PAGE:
All Mirrorweave cares about is that it's a creature and it can be targetted. The copies will resolve just fine. They won't do much though, they'll just turn all creatures into Ink Dissolver again.

DCI Level 2 Judge

 

"That's what's so stupid about the whole magic thing, you know," Rincewind said. "You spend twenty years learning the spell that makes nude virgins appear in your bedroom, and then you're so poisoned by quicksilver fumes and half-blind from reading old grimoires that you can't remember what happens next."

- Terry Pratchett, The Colour Of Magic

Are you sure about that? The target was read before the first one resolves, so you're saying that when mirrorweave rechecks the target before resolution it would then change to the copied charateritics? Let's go through this again really quickly:

1. Mirrorweave 1 target -> Ink-Treader Nephilim
2. Mirrorweave 2 copy target -> Eager Cadet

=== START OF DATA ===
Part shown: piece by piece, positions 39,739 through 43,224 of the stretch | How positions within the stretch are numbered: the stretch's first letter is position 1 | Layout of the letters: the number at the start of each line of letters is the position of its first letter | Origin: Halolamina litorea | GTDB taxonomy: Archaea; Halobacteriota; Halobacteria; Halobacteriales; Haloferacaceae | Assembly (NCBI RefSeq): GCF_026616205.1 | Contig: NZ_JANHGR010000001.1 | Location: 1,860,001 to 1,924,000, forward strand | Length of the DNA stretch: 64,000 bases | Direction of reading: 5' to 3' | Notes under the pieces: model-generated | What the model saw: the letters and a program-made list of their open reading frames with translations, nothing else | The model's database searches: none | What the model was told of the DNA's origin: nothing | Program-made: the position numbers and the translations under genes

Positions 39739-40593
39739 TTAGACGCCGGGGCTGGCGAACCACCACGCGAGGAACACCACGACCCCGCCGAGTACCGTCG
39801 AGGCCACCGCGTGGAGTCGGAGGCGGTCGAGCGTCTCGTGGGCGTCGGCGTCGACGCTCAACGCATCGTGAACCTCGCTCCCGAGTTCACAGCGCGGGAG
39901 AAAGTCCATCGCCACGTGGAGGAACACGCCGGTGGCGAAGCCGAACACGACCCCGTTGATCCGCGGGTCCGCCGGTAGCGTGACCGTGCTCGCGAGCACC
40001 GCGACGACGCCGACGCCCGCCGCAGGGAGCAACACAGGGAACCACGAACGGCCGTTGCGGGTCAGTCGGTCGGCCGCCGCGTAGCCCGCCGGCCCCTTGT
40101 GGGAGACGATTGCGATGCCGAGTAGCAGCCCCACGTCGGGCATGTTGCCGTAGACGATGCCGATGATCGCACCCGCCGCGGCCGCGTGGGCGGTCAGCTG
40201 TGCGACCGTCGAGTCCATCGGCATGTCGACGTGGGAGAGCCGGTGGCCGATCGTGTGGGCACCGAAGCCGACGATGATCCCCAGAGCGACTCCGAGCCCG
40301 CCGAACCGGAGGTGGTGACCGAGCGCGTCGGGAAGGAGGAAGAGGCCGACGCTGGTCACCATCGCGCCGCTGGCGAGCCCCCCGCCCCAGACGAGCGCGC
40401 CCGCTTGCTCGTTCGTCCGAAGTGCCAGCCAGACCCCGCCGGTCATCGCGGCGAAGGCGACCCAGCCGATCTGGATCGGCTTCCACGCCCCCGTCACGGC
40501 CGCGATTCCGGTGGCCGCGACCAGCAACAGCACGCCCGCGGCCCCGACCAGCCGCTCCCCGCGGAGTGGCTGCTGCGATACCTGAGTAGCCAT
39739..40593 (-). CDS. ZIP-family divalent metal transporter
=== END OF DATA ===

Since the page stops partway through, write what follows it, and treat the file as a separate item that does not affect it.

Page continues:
3. Mirrorweave 3 copy target -> ink dissolver

3. Mirrorweave 3 resolves, all creatures become indissolver
2. Mirrorweave 2 rechecks it's target, the target is now an inkdissolver, hence mirrorweave 2 now changes it's information from eager cadet to ink dissolver?
3. Mirrorweave 2 resolves and all creatures become ink dissolver, again

from the rules section:
413.2a If the spell or ability specifies targets, it checks whether the targets are still legal. A target that's moved out of the zone it was in when it was targeted is illegal. Other changes to the game state may cause a target to no longer be legal; for example, its characteristics may have changed or an effect may have changed the text of the spell. If the source of an ability has left the zone it was in, its last known information is used during this process. The spell or ability is countered if all its targets, for every instance of the word "target," are now illegal. If the spell or ability is not countered, it will resolve normally, affecting only the targets that are still legal. If a target is illegal, the spell or ability can't perform any actions on it or make the target perform any actions.